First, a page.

There are many arguments against public displays of Christmas traditions based on an effort to nitpick away at details and inconsistencies, but all are irrelevant minutia compared to the enforcement of the First Amendment. Among scholars of history, there is greater agreement that Jesus did truly exist, than on when Christ was born, and of course, whether Jesus is truly the Son of God, or whether God even exists. In fact, even within Christianity, there are different dates of celebration of the birth of Jesus, but this doesn’t invalidate Christmas. The original date of the celebration of the birth of Christ in Eastern Christianity was January 6, in connection with Epiphany. January 6 is still the date of the celebration for the Armenian Apostolic Church, and in the nation of Armenia, where it is a public holiday. In Greece, gifts under a Christmas tree are opened on January 1. In Italy, Spain and Germany, and the United State, to name a few countries, Christmas Day is on December 25. The lack of knowledge of the exact date of the birth of Jesus does not invalidate the existence of Christmas any more than the lack of knowledge of the exact date that the last Brontosaurus walked the earth invalidates the existence of dinosaurs.
Atheists and some agnostics declare they are offended by placement of religious displays, artifacts and symbols in public places. Some believe the displays coerce people to believe they must be Christian or act as Christians, even though there is no law forcing the respect of an establishment of religion. Yes, Christians believe that Jesus Christ was conceived by the Holy Spirit, born of a virgin, performed miracles, founded the Church, was crucified and died to achieve atonement (which makes possible the reconciliation between God and creation), rose from the dead, and ascended into heaven, and that Christ will return. Is it a far-fetched fable or myth? There are many that believe the whole story of Christianity — from Jesus being born from a Virgin to rising after the dead — is one of the biggest frauds of all time. But there are many churches in town with followers that follow with faith the multiple reports of the birth and life of Christ and the belief of Christianity as central to their religion.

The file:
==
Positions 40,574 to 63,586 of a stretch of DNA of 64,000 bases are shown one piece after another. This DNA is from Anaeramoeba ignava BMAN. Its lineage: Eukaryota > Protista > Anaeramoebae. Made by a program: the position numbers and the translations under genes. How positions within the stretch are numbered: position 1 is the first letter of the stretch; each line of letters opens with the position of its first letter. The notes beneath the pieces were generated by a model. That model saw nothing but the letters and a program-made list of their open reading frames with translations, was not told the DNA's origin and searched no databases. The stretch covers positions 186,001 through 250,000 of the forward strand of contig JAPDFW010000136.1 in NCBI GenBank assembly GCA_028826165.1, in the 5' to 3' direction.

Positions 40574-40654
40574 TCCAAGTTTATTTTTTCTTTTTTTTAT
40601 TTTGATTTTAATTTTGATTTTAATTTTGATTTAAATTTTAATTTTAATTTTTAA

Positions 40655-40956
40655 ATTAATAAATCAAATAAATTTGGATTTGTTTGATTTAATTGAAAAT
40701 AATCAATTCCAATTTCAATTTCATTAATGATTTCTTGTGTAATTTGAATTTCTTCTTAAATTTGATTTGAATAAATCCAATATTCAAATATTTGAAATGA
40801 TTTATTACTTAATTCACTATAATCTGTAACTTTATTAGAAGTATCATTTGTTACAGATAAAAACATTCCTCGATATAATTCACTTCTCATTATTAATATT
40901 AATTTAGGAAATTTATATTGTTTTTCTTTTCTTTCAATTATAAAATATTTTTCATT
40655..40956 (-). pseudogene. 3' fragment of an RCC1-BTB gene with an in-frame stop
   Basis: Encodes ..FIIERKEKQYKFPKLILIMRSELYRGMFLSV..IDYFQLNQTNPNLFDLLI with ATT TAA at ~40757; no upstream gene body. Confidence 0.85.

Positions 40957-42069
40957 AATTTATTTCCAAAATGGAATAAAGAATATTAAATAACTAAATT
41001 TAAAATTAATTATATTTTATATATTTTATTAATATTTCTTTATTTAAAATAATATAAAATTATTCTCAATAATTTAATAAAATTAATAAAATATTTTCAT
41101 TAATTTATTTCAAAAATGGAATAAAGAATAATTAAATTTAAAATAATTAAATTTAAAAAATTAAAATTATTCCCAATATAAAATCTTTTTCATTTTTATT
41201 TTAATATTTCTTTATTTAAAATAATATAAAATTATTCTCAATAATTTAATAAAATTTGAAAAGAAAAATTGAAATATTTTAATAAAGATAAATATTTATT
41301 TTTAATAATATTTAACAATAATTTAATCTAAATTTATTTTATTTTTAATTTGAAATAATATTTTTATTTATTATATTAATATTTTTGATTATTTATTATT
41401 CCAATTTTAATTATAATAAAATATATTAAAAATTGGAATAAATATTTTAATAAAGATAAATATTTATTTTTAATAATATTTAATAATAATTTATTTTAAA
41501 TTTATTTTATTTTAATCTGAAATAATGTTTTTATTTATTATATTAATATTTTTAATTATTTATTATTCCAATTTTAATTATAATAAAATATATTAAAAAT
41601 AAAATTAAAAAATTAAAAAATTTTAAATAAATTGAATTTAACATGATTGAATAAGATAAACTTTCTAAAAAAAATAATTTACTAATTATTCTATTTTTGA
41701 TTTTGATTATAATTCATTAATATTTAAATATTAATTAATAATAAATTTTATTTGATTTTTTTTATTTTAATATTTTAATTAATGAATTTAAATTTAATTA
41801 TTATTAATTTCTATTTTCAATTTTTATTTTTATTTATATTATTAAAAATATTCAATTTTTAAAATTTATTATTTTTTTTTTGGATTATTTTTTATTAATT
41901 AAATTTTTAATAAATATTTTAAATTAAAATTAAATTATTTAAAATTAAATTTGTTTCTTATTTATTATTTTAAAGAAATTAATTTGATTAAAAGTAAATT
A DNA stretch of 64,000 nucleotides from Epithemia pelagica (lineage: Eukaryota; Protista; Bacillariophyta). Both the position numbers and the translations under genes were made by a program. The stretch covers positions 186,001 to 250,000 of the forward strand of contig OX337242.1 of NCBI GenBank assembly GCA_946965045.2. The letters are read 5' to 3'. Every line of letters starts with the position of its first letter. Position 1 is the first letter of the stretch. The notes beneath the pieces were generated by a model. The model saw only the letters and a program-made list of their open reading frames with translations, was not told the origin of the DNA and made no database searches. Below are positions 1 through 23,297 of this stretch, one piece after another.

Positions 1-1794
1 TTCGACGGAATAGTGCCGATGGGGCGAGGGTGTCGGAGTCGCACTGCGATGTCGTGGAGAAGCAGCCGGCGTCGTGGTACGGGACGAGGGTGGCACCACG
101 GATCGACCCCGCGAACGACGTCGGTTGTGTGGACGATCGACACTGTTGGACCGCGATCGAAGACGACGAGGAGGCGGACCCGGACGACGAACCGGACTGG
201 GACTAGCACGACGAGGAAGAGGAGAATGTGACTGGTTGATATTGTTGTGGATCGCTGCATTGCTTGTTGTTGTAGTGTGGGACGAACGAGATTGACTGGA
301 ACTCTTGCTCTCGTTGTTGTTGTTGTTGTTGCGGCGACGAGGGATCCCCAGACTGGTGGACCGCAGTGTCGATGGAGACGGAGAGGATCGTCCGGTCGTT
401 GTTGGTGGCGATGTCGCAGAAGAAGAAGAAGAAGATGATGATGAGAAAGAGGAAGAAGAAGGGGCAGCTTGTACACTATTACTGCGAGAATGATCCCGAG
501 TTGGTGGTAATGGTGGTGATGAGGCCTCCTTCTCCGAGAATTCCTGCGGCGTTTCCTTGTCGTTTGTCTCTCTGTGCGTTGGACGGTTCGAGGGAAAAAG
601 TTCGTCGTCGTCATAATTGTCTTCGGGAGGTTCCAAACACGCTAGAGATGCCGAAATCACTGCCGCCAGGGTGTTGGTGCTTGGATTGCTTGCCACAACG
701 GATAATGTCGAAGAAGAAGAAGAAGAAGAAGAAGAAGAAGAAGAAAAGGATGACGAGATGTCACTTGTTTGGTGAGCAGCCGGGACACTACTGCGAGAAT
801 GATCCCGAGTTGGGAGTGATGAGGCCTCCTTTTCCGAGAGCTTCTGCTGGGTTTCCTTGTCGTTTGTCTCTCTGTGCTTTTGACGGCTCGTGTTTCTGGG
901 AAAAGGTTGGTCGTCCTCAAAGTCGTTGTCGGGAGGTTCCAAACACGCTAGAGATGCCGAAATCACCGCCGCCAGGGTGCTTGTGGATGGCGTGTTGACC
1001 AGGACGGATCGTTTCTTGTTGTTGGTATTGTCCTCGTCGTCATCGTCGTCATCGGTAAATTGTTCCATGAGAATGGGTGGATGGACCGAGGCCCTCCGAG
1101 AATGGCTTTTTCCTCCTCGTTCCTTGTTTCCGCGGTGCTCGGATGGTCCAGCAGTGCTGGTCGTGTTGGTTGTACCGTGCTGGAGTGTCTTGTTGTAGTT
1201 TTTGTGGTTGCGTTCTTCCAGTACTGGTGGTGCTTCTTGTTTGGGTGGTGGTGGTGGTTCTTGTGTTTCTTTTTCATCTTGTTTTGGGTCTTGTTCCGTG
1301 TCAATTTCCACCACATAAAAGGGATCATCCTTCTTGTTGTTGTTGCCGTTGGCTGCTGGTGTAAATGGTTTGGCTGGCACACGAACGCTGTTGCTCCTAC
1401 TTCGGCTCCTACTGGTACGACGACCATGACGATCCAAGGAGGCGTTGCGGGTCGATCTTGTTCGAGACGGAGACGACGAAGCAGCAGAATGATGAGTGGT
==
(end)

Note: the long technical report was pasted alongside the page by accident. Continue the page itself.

Most of the “War on Christmas” camps come from atheists, secular humanists and progressive liberals who believe expressing Christmas on public property is scoffing at the whole idea of separation of Church and State. Some believe that prohibiting Christmas Displays protects “victims” who may feel obligated to the spirit of Christmas or coerced to the religion. To these “protectors” the “victims” are apparently too weak to resist or interpret correctly the message of Christmas. The opposition is not so much from other religions, such as Judaism, or Buddhism or Islam; or the heritage-honoring celebration of the ideology of Kwanzaa — perhaps because the members of those religions and groups would reserve the right to exercise the expression of their religion or pagan celebrations. Some day, maybe other religions and pagan groups will represent their observances at North School Park, which has already successfully represented many forms of artwork at art fairs for several years.
“Peace on Earth, Good Will Toward Men (where men means all human beings) or “On Earth Peace to Men of Good Will” is central to the Nativity Scene. The Annunciation to the shepherds is an episode in the Nativity of Jesus described in the Bible in Luke 2, in which an angel or angels tell a group of shepherds about the birth of Jesus. Many more angels are alleged to have appeared, praising God with the words “Glory to God in the highest heaven, and on earth peace to those on whom his favor rests.” Also recorded in the Gospel of Luke, shepherds are reported to have been terrified by the appearance of the angel while they were tending their flocks in the countryside near Bethlehem. The shepherds are reported to have traveled to Bethlehem, and found Mary and Joseph and the infant Jesus lying in the manger. The Adoration of the shepherds and the arrival of the Magi — the Three Wise Men, Melchior (a Persian scholar), Caspar (an Indian scholar), and Balthazar (an Arabian scholar) bearing gifts of gold, frankincense and myrrh — then occurred at the Nativity Scene.